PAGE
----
3. Oh - and additional food for thought - according to this website (http://www.lgbtmap.org/equality-maps/conversion_therapy) conversion therapy is still legal in 35 states (sadly, my own included). And now I'll be looking into what I can do to change that.

    ReplyDelete
  4. I was so happy when i saw Utah consider this, when it appeared to be heading for passage. Then it got gutted.

    i don't care if adults want to do dumb stuff like conversion therapy, but don't force kids.

    I've done conversion therapy, in several different forms. it was damaging. it left me hurt, confused, distant from God and others. It needs to go away.

    i know it's not therapy but when i told my mission president i was afraid i might be gay, he prescribed fasting every Sunday and praying for God to take it away. i did that for five years. it didn't work.

    My first therapist told me i wasn't gay because i had not had sex with men. I felt this way because i was not thankful for the body God had given me.

    Next, a therapist told me it was just OCD, that i obsessed over certian attributes in men, but that didn't mean i was gay

    then i was told that homosexuality was a dragon i was fighting, and i just needed to walk away.

    finally, i was told it was my parents fault. that i was wounded by men, and i beat a representation of my older brother as a way to become straight, hours later, they prescribed therapy was to cuddle with men who gave us a "charge"

    it is hellacious. I often wonder what my life would have been like in the 70's. I probably would have done electroshock therapy willingly. But i have joy when i see kids today who don't hate their romantic inclinations. when i can tell friends and they honestly don't care.

    i'm better than i have ever been mentally. and that happened when i stopped trying to change my orientation. even if you do want to stay in your church, don't try to change your orientation. Call it celibacy. or maybe rethink your goals, it's ok to be gay.

    ReplyDelete
  5. Thank you Eli. I guess I’ve been naive too... I didn’t know this existed until I read your post. Absolutely horrifying. I wouldn’t change my gay son for all the world... he’s a light in my life like no one else. He definitely didn’t “choose”. I knew when he was two years old. When he came out to me a couple years ago, I was able to say, “ummmmm tell me something I don’t know.” I’m glad he was “lucky” enough to have supportive family & friends. It’s still not easy for him, but I can’t imagine the poor kids that aren’t so lucky.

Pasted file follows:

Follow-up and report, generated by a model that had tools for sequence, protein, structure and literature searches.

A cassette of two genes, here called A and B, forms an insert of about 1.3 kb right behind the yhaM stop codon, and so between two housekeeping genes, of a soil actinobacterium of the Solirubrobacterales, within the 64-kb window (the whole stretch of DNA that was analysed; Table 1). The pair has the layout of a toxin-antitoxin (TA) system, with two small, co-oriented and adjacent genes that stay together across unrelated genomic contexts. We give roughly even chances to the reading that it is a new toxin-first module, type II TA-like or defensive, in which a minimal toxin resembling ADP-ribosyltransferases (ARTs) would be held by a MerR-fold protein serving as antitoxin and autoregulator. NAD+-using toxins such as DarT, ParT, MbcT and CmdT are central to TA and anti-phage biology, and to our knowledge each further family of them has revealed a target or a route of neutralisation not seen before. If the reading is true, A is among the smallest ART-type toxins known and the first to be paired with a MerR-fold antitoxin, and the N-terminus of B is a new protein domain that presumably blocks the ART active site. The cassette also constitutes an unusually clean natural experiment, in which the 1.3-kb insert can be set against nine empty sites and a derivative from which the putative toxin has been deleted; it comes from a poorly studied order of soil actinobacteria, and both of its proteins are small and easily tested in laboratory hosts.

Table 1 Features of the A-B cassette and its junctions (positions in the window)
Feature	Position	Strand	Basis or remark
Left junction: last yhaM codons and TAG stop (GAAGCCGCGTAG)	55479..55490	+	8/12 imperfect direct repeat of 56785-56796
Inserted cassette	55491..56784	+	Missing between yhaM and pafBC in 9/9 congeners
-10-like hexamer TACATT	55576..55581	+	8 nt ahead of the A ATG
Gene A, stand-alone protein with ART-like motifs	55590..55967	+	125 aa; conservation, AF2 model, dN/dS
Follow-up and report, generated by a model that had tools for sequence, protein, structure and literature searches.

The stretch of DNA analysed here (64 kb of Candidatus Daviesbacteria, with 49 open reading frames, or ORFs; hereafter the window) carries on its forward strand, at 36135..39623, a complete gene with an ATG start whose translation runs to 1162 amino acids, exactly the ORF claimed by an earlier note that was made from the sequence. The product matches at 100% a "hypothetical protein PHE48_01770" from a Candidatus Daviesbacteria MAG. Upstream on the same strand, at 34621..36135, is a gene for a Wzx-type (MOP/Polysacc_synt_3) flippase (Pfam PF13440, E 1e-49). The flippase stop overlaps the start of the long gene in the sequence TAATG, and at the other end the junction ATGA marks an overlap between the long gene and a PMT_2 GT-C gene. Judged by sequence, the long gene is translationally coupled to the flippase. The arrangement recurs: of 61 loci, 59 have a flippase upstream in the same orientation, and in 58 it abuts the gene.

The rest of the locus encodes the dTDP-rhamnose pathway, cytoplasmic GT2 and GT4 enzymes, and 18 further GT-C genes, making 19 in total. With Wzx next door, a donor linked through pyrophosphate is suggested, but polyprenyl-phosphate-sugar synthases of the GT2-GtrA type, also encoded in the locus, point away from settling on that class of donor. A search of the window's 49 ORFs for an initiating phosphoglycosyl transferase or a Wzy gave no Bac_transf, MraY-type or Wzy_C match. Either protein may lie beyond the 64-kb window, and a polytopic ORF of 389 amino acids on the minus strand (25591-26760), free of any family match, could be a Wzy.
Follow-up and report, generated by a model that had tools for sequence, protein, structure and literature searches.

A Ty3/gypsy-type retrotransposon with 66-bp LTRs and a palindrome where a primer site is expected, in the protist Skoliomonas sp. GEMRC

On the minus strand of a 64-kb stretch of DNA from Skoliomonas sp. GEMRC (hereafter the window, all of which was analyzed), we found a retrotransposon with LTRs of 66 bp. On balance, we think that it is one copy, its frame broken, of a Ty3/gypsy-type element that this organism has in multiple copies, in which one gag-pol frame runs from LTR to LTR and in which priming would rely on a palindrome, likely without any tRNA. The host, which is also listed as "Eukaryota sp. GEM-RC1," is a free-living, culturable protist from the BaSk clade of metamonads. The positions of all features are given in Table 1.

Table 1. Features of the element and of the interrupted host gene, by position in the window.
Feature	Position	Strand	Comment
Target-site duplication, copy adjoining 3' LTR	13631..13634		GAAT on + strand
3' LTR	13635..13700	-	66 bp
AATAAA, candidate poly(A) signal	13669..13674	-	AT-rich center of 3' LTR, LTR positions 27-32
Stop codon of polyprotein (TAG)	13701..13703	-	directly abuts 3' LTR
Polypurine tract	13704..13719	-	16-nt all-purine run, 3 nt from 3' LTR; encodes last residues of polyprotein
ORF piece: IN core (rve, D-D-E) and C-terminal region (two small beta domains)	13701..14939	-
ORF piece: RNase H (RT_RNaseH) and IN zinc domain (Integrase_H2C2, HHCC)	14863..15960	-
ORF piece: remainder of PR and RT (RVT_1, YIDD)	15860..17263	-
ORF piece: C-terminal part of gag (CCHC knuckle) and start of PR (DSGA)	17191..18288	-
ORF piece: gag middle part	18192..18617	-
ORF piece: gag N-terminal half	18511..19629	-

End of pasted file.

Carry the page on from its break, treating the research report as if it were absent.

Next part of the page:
“Gay people are the best, ifwedosaysoourselves. Who wouldn't want a gay child?”

    AMEN.

    Big hugs from your old babysitter. I’m super proud of you ❤️

    ReplyDelete
  6. I was one of the lucky ones, too. I was always taught that people aren't judged for things outside of their control, and I knew that who I was attracted to wasn't something within my control. Never tried to make deals with God that if I did X thing well, he would 'cure' me, or any other such nonsense. I haven't been able to pinpoint if there is anything that us lucky ones have in common--something that we could condense and then distribute to others so we could create more and more lucky ones out there.

    What makes me crazy is that people who inflict conversion therapy on others say that a bill like this could hurt their business, and that's enough to shelf the thing. If your business is doing the type of damage that conversion therapy does, I am happy to pass a law that hurts the bottom line. Maybe you should restructure your business so it isn't built on the suffering of the downtrodden.

    ReplyDelete
  7. It breaks my heart that anyone could ever think that this type of "therapy" would ever be a good idea. I had some very dear gay friends and I watched them struggle with suicidal thoughts. I watched the pain that other people's judgement caused. I even had one friend who was afraid to come out to his siblings fearing they wouldn't let him be around his nieces and nephews. (Gratefully this didn't happen)

    I am heterosexual. If someone told me I needed to be sexually attracted to someone of my same gender, it would be impossible.
    I hope as a society we can grow more love for everyone. It really baffles me when parents don't show love to their children and kick them out of the house.

    Keep up the good work Eli! The funny snuggie conversation may be what brought me here but it's not what's kept me here. Your authenticity can help so many!

    ReplyDelete
  8. I agree 100% that conversion therapy should not be "done" to people. Parents should NOT force their child to undergo conversion therapy. But if someone wants to try it (even knowing that it probably won't work), is that something we should have laws to prevent?

    I really am asking here. I would like to understand better. I have learned a lot from your blog and I really appreciate you for that (and for making me laugh all the time. Obviously).

    ReplyDelete
    Replies